Memorial Day for Our Ethiopian Jews
On the 28th of Iyar, Israel celebrates Jerusalem Day. This day was chosen to symbolize the continued historical connection of the Jewish People to Jerusalem. What started as a symbolic event became anchored in law on March 23, 1998, when the Knesset passed the "Jerusalem Day Law," which declared a national holiday to commemorate the date that Jerusalem was liberated during the Six-Day War.
In 2003, the Israeli government decided that the 28th of Iyar would also be recognized as Memorial Day for the Ethiopian Jews who died on their way to Israel. Combining the two events marks the appreciation of the strong connection between the Ethiopian Jewish community and Jerusalem.
From 1980-1984, the first wave of aliyah of Ethiopian Jews to Israel took place. The Ethiopian Jewish community, who dreamed for many years of making aliyah to Israel, managed to flee Ethiopia and arrive at the Ethiopian-Sudanese border, where they waited in provisional camps. During their escape and in the Sudanese camps, they suffered from disease, hunger, and continuous acts of harassment, rape, and violent robberies. The families, with their elderly and younger members, walked for long periods of up to several months and were forced to wait in refugee camps in Sudan for up to two years.
In their attempt to get to Israel, approximately 4,000 members of the Ethiopian community lost their lives, both on the journey and in the camps. "Operation Moses," the first national operation for bringing the Ethiopian Jewry to Israel, began in November, 1984, and brought 8,000 Ethiopian Jews over on Israeli aircrafts. An information leak to the Israeli press brought the operation to an end before schedule. As a result, many families were left behind, torn apart, and remained in Ethiopia until May of 1991, when, within a 36-hour period, 14,324 immigrants were brought to Israel during "Operation Solomon."
Today, the Ethiopian community in Israel numbers over 120,000 members. Arriving in Israel was only the first step in their aliyah journey. It took many years before Israeli society was ready to fully embrace the Ethiopian Jews, their culture, and their Jewish traditions and history.
In 1991, the famous musician Shlomo Gronich established the Sheba Choir, made up of immigrant children from the Ethiopian community. He was one of the first Israeli musicians to bring the story of the Ethiopian Jews to the attention of Israeli society, and to the entire Jewish world, and to celebrate their rich tradition and culture.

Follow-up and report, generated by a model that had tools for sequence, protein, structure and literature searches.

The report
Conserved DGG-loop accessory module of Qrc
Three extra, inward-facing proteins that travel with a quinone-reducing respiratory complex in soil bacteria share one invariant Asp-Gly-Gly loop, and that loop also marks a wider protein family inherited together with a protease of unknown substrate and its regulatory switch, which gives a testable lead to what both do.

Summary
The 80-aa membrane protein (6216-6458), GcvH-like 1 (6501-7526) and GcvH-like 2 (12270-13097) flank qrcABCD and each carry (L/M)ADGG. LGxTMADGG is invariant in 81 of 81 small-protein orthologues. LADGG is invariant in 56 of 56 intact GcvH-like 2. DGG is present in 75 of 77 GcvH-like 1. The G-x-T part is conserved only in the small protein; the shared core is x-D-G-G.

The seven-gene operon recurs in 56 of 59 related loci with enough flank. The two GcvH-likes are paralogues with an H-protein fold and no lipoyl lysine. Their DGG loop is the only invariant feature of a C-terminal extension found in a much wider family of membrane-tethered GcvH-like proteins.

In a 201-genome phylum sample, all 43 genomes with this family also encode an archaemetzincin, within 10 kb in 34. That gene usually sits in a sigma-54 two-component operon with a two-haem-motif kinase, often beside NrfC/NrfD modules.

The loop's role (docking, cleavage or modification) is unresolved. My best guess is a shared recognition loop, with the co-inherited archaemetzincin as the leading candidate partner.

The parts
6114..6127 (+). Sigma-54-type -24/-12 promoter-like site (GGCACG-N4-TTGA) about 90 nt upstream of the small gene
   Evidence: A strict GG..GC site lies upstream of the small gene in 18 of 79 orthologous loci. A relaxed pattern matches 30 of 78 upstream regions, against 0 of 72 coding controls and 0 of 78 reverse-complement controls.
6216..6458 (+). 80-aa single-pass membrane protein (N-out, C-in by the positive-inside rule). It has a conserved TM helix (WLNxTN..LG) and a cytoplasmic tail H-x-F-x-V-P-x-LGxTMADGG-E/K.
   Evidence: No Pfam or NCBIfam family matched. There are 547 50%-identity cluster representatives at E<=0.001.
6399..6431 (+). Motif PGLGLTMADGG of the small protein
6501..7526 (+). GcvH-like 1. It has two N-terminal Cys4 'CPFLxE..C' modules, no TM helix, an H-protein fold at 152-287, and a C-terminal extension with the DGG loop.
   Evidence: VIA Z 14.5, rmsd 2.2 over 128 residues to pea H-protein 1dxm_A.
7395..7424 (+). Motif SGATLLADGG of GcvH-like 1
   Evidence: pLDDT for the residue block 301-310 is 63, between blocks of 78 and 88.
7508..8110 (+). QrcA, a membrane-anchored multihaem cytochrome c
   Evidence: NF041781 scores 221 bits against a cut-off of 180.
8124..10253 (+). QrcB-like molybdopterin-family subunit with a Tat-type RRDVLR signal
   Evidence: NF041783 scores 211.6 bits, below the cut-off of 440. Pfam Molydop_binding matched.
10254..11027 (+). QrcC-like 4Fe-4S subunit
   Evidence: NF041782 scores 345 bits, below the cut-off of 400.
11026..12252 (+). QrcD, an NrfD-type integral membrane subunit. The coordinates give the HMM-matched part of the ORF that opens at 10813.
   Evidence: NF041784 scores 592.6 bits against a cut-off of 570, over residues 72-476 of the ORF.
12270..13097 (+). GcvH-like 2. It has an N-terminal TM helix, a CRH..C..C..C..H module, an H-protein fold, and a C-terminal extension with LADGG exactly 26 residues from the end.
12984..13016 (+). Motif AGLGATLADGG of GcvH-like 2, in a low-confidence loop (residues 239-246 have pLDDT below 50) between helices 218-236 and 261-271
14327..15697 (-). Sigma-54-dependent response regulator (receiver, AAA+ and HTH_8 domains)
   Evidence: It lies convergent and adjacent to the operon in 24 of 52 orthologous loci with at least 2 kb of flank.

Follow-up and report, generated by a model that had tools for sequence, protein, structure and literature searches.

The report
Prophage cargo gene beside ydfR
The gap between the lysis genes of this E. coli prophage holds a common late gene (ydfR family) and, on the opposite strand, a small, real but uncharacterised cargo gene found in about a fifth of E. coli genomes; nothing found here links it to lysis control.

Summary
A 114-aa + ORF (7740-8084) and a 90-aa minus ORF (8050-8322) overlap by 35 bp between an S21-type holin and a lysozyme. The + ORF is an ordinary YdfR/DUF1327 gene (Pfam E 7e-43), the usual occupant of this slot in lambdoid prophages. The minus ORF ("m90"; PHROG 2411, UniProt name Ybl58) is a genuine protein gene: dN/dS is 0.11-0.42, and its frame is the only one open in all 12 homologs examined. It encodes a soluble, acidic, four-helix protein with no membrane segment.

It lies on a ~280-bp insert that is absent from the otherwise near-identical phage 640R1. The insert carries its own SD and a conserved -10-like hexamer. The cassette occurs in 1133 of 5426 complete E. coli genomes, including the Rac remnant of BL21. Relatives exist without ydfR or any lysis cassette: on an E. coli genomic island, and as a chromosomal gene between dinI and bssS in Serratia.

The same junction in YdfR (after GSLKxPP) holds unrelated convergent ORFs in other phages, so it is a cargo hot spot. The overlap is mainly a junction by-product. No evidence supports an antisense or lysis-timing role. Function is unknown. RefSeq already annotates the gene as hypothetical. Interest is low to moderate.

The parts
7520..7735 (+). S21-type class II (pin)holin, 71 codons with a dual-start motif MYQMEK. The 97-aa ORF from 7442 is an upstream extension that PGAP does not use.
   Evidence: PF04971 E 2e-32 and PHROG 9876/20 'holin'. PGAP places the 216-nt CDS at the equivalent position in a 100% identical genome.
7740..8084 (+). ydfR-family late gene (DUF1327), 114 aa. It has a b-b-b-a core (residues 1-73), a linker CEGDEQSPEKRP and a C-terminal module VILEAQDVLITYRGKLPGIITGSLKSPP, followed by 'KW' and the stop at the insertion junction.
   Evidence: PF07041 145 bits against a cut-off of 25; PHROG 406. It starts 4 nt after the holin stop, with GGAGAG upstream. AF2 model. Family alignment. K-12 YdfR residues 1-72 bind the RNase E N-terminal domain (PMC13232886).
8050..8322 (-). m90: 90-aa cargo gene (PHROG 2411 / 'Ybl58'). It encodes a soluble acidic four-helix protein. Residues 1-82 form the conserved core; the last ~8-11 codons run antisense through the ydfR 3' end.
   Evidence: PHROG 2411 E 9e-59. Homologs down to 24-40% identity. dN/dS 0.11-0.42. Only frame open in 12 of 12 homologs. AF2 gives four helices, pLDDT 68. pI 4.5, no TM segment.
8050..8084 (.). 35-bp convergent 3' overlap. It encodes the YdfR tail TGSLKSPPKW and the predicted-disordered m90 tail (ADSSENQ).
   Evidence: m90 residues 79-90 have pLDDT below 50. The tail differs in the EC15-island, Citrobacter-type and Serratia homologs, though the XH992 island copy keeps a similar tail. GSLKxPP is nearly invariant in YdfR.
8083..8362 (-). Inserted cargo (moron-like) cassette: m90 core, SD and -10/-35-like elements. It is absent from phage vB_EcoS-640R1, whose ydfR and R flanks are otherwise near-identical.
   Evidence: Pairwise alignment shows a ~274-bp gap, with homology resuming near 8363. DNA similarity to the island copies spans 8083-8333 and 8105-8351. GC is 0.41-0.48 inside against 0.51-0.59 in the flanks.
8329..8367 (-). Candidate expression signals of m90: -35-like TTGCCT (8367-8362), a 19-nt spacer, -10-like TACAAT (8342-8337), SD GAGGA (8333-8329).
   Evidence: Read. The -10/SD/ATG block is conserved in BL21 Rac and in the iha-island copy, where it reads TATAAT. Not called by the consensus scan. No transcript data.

The song "The Journey to Israel" depicts the hurdles that the Ethiopians faced during their journey to Israel. The challenges they faced during the first stage of the journey were caused by the difficulty of the trek itself and the opposing foreign forces (Sudanese soldiers). Yet the hope and resilience of the Ethiopian community and many individuals was remarkable:
The moonlight stood fast
Our bag of food was lost.
The endless desert
Cries of jackals
And my mother comforts my little brothers:
"A little bit more, a little more
soon we'll be redeemed
we won't stop going
to the land of Israel."
Unfortunately, the hardship of the journey didn't end for the Ethiopians when they arrived in Israel. In many cases, the Chief Rabbinate refused to recognize their Jewishness, and the challenges of integrating into Israeli society prolonged the ever-evolving difficulties of their journey to Israel.
"In the moon the image of my mother looks at me
Mother doesn't disappear
If only she were by my side
she would be able to convince them
that I am a Jew."
On the 28th of Iyar, when Israel marks and celebrates Jerusalem Day, one of the most celebrated and cited readings is Psalm 122:
Our feet stood inside your gates, O Jerusalem,
Jerusalem built up, a city knit together.
There is a challenge far more important and rewarding than physically reuniting the city of Jerusalem -the process of rebuilding our Nation and the People of Israel by opening our hearts and minds to the artistic beauty and vital treasures that each Jewish community has developed and created - within and outside of Israel. May this 28th day of Iyar be an invitation to listen to the stories of the Ethiopian community, to honor their sacrifices and embrace their gifts as individuals and as a community. In recent years the music and culture of Ethiopian Jews has become more present in Israel, but we have a long way to go. When we do so, the People of Israel and the State of Israel will be strengthened and enriched and so will each one of us.